How to start exercising - if you don't like to exercise?
“I would like to exercise… “
“I like beer/wine … That is who I am.”
We all know that we need exercise, but – for many – it is not attractive.
If we don’t like something, we find tons of reasons not to do it. There’s always something more important or urgent, or we’re “so tired” that the only thing we can do before bed is watch a movie, see what’s new on Facebook, Instagram, Twitter … 😊
Go for a run? Gym? Forget it – we’re too busy or tired. Maybe tomorrow …
Even though doctors and nutritionists constantly highlight the need for physical activity – we postpone them all the time.
We don’t understand how hard workouts can give us satisfaction and make us feel better …?
We are fine right here on the couch.
You know, when I was younger, blue mould cheese disgusted me, but now I like it. It’s the same with sport – the ‘taste’ doesn’t appear straight away.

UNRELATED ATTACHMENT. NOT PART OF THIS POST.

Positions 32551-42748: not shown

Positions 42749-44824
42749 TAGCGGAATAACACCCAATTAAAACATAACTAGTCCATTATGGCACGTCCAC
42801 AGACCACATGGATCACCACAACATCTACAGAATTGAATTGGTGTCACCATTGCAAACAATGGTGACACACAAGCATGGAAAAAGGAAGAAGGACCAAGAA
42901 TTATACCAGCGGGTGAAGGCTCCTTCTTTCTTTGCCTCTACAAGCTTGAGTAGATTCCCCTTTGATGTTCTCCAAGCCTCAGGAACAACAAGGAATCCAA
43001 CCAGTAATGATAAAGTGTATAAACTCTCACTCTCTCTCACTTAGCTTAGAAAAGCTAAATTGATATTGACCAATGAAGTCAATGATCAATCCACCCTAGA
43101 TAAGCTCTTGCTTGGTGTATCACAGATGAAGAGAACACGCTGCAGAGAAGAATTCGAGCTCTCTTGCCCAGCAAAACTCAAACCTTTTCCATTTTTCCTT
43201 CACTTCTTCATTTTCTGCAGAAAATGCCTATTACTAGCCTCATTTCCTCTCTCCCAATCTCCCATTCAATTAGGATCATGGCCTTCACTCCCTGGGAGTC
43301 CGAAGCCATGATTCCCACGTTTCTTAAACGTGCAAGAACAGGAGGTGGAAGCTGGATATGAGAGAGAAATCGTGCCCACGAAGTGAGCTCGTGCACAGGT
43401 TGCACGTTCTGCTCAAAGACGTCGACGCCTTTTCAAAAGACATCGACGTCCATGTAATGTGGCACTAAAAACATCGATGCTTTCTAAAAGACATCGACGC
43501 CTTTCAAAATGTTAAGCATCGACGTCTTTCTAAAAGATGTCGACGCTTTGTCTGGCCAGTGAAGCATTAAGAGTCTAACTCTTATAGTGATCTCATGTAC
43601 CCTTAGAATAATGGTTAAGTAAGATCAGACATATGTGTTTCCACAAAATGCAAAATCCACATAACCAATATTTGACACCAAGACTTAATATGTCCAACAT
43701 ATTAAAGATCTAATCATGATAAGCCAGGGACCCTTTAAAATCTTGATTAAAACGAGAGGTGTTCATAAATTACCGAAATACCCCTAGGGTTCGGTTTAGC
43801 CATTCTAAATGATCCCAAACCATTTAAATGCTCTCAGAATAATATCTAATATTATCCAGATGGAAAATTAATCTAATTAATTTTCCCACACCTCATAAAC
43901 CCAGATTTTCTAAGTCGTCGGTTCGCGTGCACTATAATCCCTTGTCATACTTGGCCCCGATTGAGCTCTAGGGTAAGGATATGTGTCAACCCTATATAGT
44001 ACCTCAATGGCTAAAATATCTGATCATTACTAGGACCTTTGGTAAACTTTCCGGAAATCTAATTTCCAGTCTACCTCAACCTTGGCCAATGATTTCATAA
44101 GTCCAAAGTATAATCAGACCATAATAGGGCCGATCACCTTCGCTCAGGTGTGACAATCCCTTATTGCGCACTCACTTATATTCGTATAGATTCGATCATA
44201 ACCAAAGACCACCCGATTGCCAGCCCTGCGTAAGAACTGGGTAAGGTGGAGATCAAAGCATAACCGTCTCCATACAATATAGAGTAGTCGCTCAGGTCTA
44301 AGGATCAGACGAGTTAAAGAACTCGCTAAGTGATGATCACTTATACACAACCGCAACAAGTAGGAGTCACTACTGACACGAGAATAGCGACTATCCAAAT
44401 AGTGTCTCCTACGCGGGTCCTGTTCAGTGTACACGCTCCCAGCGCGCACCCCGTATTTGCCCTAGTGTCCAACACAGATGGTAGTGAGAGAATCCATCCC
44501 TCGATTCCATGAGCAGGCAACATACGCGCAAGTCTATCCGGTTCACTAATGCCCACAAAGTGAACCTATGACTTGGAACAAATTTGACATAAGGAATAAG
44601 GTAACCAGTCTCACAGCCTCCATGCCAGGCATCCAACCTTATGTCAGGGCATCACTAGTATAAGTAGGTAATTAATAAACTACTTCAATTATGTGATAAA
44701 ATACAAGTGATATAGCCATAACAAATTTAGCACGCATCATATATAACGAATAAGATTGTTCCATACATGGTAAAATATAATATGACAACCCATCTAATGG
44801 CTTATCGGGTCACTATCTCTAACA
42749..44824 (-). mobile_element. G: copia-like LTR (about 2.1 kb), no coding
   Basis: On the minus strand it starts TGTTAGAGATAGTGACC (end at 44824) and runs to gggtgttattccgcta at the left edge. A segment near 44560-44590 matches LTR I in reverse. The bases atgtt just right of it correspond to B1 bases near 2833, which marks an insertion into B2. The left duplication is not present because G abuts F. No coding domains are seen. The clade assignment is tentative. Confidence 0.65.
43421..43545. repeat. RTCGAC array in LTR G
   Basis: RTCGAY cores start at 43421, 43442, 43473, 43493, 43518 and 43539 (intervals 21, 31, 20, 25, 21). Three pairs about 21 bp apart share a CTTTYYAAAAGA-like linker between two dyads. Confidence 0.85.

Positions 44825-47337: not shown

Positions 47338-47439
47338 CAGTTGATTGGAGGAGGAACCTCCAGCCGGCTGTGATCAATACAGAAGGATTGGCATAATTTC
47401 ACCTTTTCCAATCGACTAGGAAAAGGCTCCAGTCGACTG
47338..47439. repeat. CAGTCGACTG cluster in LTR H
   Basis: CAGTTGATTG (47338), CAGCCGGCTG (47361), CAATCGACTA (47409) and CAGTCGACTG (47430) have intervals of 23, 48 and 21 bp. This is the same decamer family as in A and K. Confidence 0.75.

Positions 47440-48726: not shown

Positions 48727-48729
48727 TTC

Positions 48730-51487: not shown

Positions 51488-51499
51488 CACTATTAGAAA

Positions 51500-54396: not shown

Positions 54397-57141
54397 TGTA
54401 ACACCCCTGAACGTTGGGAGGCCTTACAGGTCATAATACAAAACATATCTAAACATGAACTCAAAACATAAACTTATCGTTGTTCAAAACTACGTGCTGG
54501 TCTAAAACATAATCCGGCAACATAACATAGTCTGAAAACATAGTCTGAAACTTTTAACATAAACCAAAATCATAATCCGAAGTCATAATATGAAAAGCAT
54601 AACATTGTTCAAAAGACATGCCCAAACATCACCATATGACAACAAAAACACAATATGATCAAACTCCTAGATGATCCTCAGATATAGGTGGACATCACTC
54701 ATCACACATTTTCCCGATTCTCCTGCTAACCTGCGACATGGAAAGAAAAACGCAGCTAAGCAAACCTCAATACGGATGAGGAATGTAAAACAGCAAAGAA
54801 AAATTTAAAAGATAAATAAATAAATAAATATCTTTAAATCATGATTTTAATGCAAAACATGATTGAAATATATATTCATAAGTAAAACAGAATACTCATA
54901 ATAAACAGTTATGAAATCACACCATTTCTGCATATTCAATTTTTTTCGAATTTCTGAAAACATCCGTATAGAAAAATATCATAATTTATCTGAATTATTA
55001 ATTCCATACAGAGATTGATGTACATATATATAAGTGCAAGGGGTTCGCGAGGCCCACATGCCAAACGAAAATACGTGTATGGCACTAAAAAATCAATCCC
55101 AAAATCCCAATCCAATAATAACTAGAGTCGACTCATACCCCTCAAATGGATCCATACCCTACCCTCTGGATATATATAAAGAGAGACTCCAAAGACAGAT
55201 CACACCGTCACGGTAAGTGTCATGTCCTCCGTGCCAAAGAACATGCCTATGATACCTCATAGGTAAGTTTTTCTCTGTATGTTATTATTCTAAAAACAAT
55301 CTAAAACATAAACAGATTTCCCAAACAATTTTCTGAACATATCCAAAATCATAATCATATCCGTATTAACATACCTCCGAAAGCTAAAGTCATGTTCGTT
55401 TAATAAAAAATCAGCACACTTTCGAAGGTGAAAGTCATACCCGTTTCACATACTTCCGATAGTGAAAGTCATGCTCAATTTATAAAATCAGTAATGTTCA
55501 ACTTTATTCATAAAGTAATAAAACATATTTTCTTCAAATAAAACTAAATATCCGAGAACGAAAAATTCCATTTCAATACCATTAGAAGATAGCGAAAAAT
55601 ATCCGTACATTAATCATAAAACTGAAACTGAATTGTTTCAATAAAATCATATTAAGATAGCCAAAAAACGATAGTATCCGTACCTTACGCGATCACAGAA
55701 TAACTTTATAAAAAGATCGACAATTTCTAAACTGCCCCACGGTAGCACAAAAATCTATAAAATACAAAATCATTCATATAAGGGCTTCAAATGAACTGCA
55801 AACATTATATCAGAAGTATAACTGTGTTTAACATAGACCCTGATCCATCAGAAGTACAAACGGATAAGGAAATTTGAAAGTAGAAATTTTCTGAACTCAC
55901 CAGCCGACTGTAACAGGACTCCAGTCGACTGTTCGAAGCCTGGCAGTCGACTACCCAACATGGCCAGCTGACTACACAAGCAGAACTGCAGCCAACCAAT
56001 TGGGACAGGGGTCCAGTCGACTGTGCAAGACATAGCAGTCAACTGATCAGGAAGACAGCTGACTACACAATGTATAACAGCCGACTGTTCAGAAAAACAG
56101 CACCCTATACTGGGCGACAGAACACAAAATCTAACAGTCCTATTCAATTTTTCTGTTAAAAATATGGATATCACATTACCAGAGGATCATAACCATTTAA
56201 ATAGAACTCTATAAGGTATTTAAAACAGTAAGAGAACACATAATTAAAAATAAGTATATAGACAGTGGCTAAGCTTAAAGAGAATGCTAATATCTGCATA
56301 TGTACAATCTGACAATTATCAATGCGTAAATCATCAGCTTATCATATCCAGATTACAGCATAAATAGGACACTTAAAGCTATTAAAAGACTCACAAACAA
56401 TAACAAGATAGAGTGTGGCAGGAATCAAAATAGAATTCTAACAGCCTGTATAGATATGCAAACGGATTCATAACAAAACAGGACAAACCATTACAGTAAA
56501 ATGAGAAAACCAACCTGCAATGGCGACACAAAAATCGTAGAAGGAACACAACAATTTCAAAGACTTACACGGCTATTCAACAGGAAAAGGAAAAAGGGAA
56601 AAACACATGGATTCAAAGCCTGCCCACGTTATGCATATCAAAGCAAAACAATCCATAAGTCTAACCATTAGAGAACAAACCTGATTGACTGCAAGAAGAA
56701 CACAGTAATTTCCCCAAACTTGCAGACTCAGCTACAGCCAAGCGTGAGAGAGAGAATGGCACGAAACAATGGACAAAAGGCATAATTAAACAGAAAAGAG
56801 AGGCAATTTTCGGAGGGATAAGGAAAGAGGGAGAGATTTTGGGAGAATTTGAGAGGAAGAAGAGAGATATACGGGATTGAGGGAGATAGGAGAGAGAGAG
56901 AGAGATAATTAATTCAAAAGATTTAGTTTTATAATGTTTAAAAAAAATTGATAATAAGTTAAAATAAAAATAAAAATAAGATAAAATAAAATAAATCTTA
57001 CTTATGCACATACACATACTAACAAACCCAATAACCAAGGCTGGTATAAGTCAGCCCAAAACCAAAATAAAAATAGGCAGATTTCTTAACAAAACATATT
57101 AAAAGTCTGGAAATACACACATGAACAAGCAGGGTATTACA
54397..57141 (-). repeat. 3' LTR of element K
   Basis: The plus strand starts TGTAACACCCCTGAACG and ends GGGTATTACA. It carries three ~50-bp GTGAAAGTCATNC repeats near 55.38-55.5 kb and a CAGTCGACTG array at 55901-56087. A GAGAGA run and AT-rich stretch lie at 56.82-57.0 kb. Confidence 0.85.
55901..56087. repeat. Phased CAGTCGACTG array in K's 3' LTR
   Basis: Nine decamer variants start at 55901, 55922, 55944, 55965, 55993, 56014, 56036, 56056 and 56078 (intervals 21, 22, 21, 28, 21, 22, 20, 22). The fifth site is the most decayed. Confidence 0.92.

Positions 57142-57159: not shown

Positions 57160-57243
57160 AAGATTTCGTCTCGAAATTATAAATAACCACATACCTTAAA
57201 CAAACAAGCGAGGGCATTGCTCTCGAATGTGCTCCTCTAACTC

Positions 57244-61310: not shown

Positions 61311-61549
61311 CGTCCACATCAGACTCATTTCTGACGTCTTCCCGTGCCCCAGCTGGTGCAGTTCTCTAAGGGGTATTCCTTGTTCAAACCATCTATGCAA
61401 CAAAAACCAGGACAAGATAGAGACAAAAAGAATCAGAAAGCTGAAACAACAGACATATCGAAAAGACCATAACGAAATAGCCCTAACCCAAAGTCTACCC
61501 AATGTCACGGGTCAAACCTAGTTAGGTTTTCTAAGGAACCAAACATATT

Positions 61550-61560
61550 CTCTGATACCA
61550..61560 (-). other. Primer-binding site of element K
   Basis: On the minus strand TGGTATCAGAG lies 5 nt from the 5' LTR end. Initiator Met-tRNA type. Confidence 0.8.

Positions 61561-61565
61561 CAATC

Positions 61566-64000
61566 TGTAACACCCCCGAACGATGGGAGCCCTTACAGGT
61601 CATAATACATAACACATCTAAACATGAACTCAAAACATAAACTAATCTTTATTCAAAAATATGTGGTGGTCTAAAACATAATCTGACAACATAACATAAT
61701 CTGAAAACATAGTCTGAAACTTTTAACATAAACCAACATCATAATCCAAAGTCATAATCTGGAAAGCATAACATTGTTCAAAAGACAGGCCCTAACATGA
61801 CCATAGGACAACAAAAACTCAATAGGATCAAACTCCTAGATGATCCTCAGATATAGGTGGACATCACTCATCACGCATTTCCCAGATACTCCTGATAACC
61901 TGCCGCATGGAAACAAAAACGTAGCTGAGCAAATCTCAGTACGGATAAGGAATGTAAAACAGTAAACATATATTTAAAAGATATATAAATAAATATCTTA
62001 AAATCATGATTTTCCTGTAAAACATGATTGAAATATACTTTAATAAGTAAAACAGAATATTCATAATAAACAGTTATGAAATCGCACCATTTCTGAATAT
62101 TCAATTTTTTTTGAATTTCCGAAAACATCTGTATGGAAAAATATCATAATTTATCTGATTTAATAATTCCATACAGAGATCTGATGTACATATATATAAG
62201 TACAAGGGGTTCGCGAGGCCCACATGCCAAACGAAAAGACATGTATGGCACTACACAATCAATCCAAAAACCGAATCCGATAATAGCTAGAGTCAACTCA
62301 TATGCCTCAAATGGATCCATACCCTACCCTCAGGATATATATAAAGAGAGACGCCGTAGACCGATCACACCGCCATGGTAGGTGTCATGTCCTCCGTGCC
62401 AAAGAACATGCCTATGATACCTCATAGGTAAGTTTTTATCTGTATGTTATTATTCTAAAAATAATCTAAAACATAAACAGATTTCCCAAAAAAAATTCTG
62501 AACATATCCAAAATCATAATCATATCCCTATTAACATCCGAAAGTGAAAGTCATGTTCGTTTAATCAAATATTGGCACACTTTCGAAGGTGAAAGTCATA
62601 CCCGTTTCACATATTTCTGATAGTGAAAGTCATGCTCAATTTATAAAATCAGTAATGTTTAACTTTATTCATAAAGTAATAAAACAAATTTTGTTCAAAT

This article is about how to start playing sport and how to really enjoy it.
Why many of us don’t like to exercise?
When you like something, it’s hard to understand why others don’t like it.
But there are many reasons why people may find exercise unpleasant or undesirable, for example:
- Past experiences. If you were unable to do something in school sports and were publicly shamed for it – or maybe hit in the face with a ball during a game – you might start to avoid it.
- Pain. For some people, certain types of exercise can be painful – exacerbating chronic illnesses, injuries and other existing health problems.